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4 easier alternatives to the envelope budgeting system

Taylor Tompkins

Every Thursday, this young guy would come like clockwork into the north San Antonio bank branch where I used to work as a teller. Clutching a handful of labeled envelopes, he would wait patiently for me to fill them with cash. 

He was in some form of sales, and he would never tell me exactly what he did. He always wore slightly wrinkled T-shirts and cargo shorts. He wasn’t very friendly or talkative. His focus was always on the envelopes.

Some days he would have a stray couple of dollars left in the envelopes, but more often than not they were empty. He wanted precise amounts of certain bills, which he crammed neatly in specifically labeled envelopes.

“It’s that envelope budgeting thing,” one of my co-workers explained to me one day when we were swapping stories about eccentric regulars that frequented our bank branch.

The theory, better known as envelope budgeting system, has been touted by many a financial guru over the years.

Subscribers to the theory juggle several envelopes, each dedicated to one category of shopping. They only spend the money they have in the envelope on that category, and when they’re out of money, they have to wait until the next pay day to replenish the funds.

I’ve toyed with the envelope method on and off over the years, but it has always seemed cumbersome and outdated to me. The envelope method is limiting because it disallows the use of any kind of plastic and it doesn’t help you build your credit history. Besides, I could never stick with all those envelopes.

To circumvent my issues with the envelope system and leave no excuse for lapses in self-control (I am looking at you, very expensive spiralizer sitting in my Amazon cart), I brainstormed some ways to hold myself accountable and stick to the metaphorical money in the envelope.

Use techy budget-tracking tools.
There are some great apps to help you stick to your budget, and some are even a digital twist on the envelope theory.

  • Mint: I am a big fan of this app that connects to your card and automatically populates what you spend (although sometimes it needs help categorizing spending). Mint also sends you weekly emails about what you spent the most money on each month, which is guaranteed to guilt you out of buying so many double dirty chai lattes. Not that I would know from experience.
  • Goodbudget: This app allows you to set your categories and how much you can spend on each, just like the traditional envelope system. You fill virtual envelopes with your money and can set them to automatically refill after each pay period. Goodbudget also can be used by multiple spenders, so it’s handy for families.
  • Mvelopes: This app aims to help set up an envelope-like budget that is good for those trying to get out of debt or save for a big purchase. Mvelopes gives users guidelines for each spending category, and it includes a group of financial planning resources. Mvelopes allows users to capture purchases in real time so that what you bought is instantly taken out of its virtual envelope.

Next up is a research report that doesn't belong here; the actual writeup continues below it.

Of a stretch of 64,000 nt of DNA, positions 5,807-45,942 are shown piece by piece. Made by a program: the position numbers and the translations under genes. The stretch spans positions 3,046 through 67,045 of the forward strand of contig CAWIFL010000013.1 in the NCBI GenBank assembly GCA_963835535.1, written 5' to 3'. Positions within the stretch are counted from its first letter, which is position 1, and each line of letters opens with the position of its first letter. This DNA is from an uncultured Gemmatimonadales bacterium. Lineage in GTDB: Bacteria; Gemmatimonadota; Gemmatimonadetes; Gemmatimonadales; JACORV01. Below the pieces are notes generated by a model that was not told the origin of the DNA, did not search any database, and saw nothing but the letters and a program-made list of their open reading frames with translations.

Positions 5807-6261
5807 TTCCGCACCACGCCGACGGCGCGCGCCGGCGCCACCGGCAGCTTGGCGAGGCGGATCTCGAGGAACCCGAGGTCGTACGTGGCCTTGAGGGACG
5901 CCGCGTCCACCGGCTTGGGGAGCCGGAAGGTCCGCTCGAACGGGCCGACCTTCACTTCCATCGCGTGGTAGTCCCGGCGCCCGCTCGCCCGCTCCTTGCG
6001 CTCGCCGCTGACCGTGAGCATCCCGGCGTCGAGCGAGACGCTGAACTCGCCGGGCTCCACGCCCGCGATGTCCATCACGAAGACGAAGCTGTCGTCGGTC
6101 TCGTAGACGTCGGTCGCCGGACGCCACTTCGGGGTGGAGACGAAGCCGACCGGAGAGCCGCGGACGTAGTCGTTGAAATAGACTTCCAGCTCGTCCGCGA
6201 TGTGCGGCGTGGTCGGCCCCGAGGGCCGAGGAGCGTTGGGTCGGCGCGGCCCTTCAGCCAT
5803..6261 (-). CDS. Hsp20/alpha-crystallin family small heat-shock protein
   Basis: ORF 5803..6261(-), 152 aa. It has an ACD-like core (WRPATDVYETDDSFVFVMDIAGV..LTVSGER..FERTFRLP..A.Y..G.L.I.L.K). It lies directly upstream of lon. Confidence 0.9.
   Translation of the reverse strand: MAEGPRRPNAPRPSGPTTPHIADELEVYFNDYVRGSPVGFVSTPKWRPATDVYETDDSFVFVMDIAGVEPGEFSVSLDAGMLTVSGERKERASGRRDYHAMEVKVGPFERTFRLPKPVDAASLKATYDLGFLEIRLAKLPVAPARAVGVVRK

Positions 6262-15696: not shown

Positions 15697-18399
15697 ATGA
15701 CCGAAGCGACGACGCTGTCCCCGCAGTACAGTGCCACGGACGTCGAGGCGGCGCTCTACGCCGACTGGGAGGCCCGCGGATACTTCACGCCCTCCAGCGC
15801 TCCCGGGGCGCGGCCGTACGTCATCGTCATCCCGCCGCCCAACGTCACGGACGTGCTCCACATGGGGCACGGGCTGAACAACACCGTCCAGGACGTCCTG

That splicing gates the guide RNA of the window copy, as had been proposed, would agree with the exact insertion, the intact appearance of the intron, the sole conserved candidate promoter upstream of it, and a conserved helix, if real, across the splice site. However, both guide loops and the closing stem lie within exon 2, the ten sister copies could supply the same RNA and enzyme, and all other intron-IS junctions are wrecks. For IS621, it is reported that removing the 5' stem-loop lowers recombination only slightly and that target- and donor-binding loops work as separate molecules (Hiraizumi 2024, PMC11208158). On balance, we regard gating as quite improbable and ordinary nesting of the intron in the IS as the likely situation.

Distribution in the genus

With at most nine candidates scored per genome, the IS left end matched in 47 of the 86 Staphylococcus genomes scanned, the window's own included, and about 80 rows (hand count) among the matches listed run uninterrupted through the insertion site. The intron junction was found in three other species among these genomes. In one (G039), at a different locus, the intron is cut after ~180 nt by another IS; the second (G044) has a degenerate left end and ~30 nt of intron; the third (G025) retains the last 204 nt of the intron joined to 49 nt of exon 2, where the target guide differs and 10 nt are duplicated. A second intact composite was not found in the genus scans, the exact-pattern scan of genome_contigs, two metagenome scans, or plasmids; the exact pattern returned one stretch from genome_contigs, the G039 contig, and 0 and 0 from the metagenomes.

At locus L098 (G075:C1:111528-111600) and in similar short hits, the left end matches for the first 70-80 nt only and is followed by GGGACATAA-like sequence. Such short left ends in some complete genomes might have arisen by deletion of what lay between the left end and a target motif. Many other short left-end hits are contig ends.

Categorize credit cards to boost rewards.
To get more rewards and keep track of your purchases in categories, consider using specific credit cards for specific types of spending.

Some cards give more miles or cash back based on where you’re using them and what you’re purchasing. For example, it may be frugal to charge all your gas expenses on a card that gives a high percentage in cash back, and use your other cards in other categories that will earn you the most rewards.

Using different cards for specific spending categories might get dicey for those with little self-control, though, as you’d have to ensure you can pay off your credit card balances at the end of each month.

Because we’re in the digital age, there’s an app to help you get the best rewards with each charge. Wallaby is an app that detects which card will get you the most rewards on purchases. It’s also available as a browser extension for all those nasty online shopping habits.

Keep a spending journal.
Some people are tactile learners. Pen to paper may be the best way for them, and many say money journaling has greatly helped them to monitor their spending.

How to get started: Get a small notebook that’s easy to carry around, make a page for each week, and divide the pages into categories. Or just give each category its own page. Either way, jotting down what you’re spending money on and keeping a running balance will make you aware when you’re hitting your limit for that category.

Color a poster of your spending.
Posters are the new envelopes. Crafty posters are a method I use for tracking my savings, but this could easily be adapted for envelope budgeting. 

How to get started: Get a poster board, detail your categories and draw bars (or cats, dollar bills or whatever strikes your fancy) next to them with the total amount you want to spend. Get your poster board laminated, and at the end of the day, tally up your spending.

Using a dry erase marker, color in each category with the respective percentage of how much you spent.

A colorful poster tracking your spending is way more labor-intensive than the other methods and would be best for someone with few accounts or credit cards. But it’s pretty and always in your face – so you can’t forget about it.

And hey, if those ideas just sound exhausting to you and you still want to carry around those envelopes, we at CreditCards.com have some tips for making that a little more efficienttoo.

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